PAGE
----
Today we’re unveiling our new Photo Gallery that displays photos from the Eggzy Flickr Group. These are the same photos that are shown on the Eggzy.net homepage, and were posted by fellow Eggzy members. We’d like to invite you to share your photos as well—photos of your birds, your flock, your coop and your eggs!
Participating is easy— just go to Flickr and search for ‘Eggzy’ under ‘Groups’. Once you find the group, select the ‘Join” option and the rest is easy as pie… or maybe quiche.
When you share your photos with the Eggzy Group, they’re still your photos. We’ll promote them, rotating through them on the Eggzy Home Page and possibly including them in articles, or across the site as examples, giving you and your flock full credit.
For instance, the photos above all belong to the Eggzy Flickr Group and were tagged with the word ‘eggs’. If you join the Eggzy Group and tag your photos with the word ‘eggs’, they too will show up on this post—really, try it and and see. Moving forward, we’ll be doing articles about all sorts of things, particular breeds, coops, you name it. So be sure to tag all your photos with descriptive terms like; eggs, coop, rooster, hen, Ameracauna, Rhode Island Red, etc. We’ll keep an eye out for the most interesting combinations and get posting.
A week or so ago, an Eggzy flock owner suggested we make it easier to add eggs – it’s the feature he uses most often but it takes a few clicks to get to it. We took a look and you know what? He was right. So we moved some menu items around, and as of a couple of days ago, it now takes one click to get to the “add eggs” screen from your profile page.
This is just one example of some of the great feedback we get from you, our users. And we couldn’t be more appreciative. Our goal is to make using Eggzy as useful and enjoyable an experience as possible, but we’re a (really) small team and can use all the feedback we can get. Whether you’ve got an idea for making things more useful, have uncovered a bug, or have a simple question, please let us know. We’ve updated our user feedback tools to make it even easier, just click on the orange “Feedback” tab to the right of the page and drop us a line. You can even vote on other people’s suggestions to second what’s most important to you.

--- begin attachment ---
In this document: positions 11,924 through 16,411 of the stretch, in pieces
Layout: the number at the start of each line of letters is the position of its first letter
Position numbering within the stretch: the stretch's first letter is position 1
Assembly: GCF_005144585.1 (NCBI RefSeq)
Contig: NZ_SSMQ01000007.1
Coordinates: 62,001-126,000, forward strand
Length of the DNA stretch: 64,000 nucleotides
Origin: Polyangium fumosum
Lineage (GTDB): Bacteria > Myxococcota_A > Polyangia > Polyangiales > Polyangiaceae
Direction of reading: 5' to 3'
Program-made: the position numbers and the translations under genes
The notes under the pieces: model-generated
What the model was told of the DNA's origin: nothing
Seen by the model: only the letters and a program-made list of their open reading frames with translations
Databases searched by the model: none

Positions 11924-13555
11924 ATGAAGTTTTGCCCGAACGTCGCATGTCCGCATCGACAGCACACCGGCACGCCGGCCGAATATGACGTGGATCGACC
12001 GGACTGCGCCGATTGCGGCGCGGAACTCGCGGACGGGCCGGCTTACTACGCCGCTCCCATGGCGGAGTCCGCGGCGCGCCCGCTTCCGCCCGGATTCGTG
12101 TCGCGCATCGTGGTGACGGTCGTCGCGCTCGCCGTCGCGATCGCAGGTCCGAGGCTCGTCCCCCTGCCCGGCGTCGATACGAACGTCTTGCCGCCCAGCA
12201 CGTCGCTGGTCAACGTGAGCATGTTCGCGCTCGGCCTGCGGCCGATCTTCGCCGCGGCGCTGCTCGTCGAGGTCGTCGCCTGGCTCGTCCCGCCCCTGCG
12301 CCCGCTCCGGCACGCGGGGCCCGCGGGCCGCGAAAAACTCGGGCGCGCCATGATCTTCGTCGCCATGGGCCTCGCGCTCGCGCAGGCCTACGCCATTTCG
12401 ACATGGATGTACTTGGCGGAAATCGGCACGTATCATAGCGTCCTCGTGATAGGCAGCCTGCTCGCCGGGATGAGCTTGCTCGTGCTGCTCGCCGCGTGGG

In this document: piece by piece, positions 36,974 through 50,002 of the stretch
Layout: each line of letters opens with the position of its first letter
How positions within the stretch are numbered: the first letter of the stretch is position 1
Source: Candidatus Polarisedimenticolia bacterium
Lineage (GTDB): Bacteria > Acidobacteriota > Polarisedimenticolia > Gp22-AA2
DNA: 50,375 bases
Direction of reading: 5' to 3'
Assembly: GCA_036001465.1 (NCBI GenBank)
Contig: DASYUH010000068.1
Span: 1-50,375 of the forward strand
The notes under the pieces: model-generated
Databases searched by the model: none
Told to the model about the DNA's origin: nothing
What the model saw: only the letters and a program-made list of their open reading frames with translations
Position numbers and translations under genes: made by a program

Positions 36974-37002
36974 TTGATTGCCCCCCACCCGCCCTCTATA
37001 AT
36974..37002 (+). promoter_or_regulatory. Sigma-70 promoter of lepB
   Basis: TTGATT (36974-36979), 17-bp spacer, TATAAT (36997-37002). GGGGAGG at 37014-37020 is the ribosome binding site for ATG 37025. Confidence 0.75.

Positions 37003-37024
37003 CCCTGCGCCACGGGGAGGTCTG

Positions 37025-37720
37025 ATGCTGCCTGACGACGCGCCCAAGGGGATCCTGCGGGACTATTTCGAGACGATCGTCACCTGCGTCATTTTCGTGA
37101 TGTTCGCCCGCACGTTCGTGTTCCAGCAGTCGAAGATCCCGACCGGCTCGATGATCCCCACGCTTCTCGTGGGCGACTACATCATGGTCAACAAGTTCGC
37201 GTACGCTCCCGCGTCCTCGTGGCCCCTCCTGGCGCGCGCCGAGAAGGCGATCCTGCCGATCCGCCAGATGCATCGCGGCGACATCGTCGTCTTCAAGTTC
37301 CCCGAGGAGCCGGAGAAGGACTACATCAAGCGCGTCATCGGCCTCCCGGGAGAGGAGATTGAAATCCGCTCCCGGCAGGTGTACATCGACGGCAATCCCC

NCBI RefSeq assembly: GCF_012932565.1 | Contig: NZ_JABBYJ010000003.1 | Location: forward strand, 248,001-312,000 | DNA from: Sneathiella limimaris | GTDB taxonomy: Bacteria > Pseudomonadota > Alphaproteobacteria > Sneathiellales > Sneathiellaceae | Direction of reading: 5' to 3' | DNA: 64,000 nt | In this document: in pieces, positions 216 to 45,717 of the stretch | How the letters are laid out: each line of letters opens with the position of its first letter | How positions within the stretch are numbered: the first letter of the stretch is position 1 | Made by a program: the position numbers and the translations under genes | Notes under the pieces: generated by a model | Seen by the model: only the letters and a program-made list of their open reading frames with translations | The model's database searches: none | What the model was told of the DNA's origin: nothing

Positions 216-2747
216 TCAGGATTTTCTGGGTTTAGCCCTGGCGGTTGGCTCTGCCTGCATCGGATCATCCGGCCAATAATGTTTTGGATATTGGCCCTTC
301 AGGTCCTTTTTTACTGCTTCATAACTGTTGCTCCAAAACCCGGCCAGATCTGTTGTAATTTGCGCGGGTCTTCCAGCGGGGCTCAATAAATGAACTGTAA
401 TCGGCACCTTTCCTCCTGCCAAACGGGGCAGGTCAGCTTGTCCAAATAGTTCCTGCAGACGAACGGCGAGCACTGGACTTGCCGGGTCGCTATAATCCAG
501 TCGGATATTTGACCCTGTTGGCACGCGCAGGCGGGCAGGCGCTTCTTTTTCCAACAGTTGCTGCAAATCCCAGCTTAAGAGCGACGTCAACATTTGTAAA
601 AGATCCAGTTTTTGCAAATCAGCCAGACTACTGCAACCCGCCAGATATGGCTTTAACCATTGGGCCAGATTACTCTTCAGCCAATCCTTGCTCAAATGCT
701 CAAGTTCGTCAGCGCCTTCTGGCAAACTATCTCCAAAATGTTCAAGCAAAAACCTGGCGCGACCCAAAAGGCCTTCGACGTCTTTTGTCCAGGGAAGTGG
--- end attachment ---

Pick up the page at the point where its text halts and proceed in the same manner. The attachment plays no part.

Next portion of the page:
Thanks again for the great feedback,
The Eggzy Team
The first thing to consider when planning your chicken coop is size. Obviously, the more chickens you have, the more space you’ll need – for standard breeds, think 2 sq ft per bird indoors, 3 sq. ft per bird outdoors. Also don’t forget that in addition to room to run, scratch, nest, and perch, they’ll also need access to fresh air, clean water, light, shade and greens (if you want rich orange yolks).
Another major consideration when choosing a coop design is protection; protection from predators like dogs, raccoons,and foxes, and protection from the elements and extreme heat or cold. Your chickens should have a safe, dry, draft-free shelter with both light and shade.
And if you live in a city or town, there’s a good chance there are specific rules and regulations regarding housing, especially with regards to size and location of the coop. Be sure to check with your municipality regarding your local ordinances.
Selecting the site:
Coops need access to light and air
In summer, the hens need airflow and access to shade
In winter, access to as much sunshine as possible is best
You will need to access the coop to feed, water, and clean the birds
The outdoor run should be in a spot with good drainage – too much wetness is bad for chickens, it can cause disease and unsanitary conditions
Think about positioning your coop and run facing South which can take advantage of the sun’s drying power warmth
In our cold climate, many people insulate their hen houses
If space is limites, you may want to consider a portable coop/pen. Primary benefits are allowing the birds to eat the bugs and fertilize the lawn one patch of at a time – and chickens raised on pasture produce delicious pastured eggs.
You want to protect your hens from the elements and from predators (fox, coyotes, raccoons, and hawks in addition to cats, dogs and even rodents!)
To keep animals from digging under the fencing, try to bury the bottom 12″ of fencing; deep; 6″ deep and 6″ of the edge turned outward like an ‘L”.
To keep your flock safe from predatory birds hawks, and from contact with wild birds that might carry diseases, cover the run with wire or aviary netting.